by Lauren Kroiz, author of Cultivating Citizens: The Regional Work of Art in the New Deal Era

The exhibition Grant Wood: American Gothic and Other Fablescurrently on view at New York’s Whitney Museum, has surprised many viewers with the range of Wood’s artwork. It includes an early abstract metal junk sculptures sprouting from flowerpots, a corn Cob chandelier, a lithograph of a male nude bathing with a watering trough, and the meticulous oil paintings of rolling rural hills.

Although one painting, American Gothic, launched and came to define Wood’s career, the exhibition shows the artist knew there was no single way to represent a stable or isolated Midwest. As I explore in Cultivating Citizens: The Regional Work of Art in the New Deal Eraregions are dynamic and relational. Defining a region necessitates differentiating it from other places in ways always also point to the relationships between those places—urban, rural, North, South, Midwest, West—that have been constructed by history, politics and culture. Making such distinctions also makes a claim for how people ought to live. For example, Regional often takes on a positive sense for those opposing the centralization and standardization identified with cities.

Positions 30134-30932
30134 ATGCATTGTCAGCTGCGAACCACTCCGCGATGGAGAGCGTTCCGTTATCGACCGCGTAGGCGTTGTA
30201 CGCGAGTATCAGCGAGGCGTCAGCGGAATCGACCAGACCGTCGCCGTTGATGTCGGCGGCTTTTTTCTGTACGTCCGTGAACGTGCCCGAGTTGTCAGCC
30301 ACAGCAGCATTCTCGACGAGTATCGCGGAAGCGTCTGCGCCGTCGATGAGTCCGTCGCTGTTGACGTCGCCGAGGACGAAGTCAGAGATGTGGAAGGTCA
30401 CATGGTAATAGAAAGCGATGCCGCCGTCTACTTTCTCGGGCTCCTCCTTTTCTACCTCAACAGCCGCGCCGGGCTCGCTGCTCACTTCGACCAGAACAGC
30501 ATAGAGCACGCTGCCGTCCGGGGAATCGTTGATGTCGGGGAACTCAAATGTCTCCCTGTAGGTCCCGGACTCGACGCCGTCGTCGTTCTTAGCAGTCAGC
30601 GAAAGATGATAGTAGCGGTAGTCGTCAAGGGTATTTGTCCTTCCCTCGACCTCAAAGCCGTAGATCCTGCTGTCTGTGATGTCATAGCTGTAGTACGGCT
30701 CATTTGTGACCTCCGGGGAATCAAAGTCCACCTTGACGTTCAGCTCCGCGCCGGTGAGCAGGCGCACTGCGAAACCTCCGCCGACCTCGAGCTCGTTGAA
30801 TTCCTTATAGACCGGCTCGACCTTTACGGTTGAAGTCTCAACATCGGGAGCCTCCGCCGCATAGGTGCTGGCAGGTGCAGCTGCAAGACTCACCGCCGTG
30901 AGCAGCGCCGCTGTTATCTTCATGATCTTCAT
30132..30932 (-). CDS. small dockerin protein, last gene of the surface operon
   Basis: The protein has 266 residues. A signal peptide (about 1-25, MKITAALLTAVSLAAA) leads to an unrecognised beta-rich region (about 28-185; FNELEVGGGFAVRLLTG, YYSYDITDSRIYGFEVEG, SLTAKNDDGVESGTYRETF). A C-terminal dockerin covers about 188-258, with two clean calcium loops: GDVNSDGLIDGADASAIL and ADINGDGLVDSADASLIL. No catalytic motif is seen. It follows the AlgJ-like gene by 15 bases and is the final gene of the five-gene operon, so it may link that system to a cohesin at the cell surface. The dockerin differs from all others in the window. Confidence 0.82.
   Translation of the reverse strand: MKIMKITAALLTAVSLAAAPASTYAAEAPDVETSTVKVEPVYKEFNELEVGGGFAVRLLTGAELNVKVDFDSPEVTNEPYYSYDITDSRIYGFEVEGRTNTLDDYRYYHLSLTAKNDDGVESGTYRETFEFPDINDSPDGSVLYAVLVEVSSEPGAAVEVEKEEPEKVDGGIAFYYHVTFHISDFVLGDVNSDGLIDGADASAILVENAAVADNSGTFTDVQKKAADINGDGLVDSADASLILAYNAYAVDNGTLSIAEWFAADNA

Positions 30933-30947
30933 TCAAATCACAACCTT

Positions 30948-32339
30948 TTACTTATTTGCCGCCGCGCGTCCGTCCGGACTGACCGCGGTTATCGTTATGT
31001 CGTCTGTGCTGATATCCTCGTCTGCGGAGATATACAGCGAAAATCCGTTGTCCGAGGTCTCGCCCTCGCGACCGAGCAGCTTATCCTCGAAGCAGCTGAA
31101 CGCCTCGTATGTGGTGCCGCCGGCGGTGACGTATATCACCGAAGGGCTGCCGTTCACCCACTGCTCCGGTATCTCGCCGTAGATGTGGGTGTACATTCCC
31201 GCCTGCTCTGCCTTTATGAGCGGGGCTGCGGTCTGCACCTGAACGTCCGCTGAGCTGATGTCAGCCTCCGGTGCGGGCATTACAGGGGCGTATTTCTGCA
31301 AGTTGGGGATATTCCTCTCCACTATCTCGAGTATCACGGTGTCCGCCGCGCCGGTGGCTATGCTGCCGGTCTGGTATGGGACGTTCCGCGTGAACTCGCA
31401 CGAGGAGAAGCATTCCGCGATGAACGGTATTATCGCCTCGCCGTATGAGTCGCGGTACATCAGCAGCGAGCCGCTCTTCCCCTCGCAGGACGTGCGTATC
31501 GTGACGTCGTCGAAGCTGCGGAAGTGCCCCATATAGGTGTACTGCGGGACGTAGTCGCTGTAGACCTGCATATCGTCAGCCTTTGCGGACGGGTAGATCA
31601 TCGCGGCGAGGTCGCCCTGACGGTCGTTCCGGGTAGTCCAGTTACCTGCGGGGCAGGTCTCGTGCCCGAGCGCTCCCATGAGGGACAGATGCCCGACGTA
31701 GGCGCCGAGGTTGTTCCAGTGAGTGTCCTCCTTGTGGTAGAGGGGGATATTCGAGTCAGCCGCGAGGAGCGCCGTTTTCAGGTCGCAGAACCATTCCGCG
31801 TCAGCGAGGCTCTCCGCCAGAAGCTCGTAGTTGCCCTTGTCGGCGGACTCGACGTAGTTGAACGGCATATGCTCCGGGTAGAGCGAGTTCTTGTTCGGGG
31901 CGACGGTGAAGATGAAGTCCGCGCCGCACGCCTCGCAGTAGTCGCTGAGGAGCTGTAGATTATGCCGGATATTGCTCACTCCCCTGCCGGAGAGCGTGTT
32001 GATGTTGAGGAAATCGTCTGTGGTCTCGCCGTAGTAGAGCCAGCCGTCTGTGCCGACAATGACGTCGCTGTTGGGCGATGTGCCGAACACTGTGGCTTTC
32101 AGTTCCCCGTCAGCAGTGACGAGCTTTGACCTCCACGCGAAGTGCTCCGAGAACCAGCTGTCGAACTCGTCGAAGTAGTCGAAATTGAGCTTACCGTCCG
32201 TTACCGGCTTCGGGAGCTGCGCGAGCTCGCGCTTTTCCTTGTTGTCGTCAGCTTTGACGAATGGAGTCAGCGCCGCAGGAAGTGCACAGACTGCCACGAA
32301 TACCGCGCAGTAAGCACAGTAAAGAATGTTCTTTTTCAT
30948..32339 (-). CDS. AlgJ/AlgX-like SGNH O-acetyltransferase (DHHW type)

Working and teaching in 1930s Iowa, Wood positioned himself as the leader of a regionalist movement devoted to developing a distinctly American art with others in a Midwest that had been overlooked by prior artists. His artwork and philosophy caught the attention of popular audiences across the nation through celebratory coverage in Time and Life magazine. As I explore, Wood’s Regionalism related places and ideals of living, serving an educative function as well as an artistic one.

Recognizing variations that are aesthetic, political, and social has become especially vital in the wake of the 2016 presidential election when issues of rural citizenship (especially in the red mid­dle of the United States) and democracy moved to the fore of national consciousness. In debates about the divide between the urban and rural, the country’s center and its coasts, it remains crucial to remember that the Midwest (which now seems to stretch across the country from Pennsylvania to Utah) is not actually homogenous nor is it a wasteland of culture. Exploring the region’s artistic, cultural, and political experiments during the 1930s and 1940s Cultivating Citizens reminds us of its rich and varied history with examples that resonate nationally and globally.

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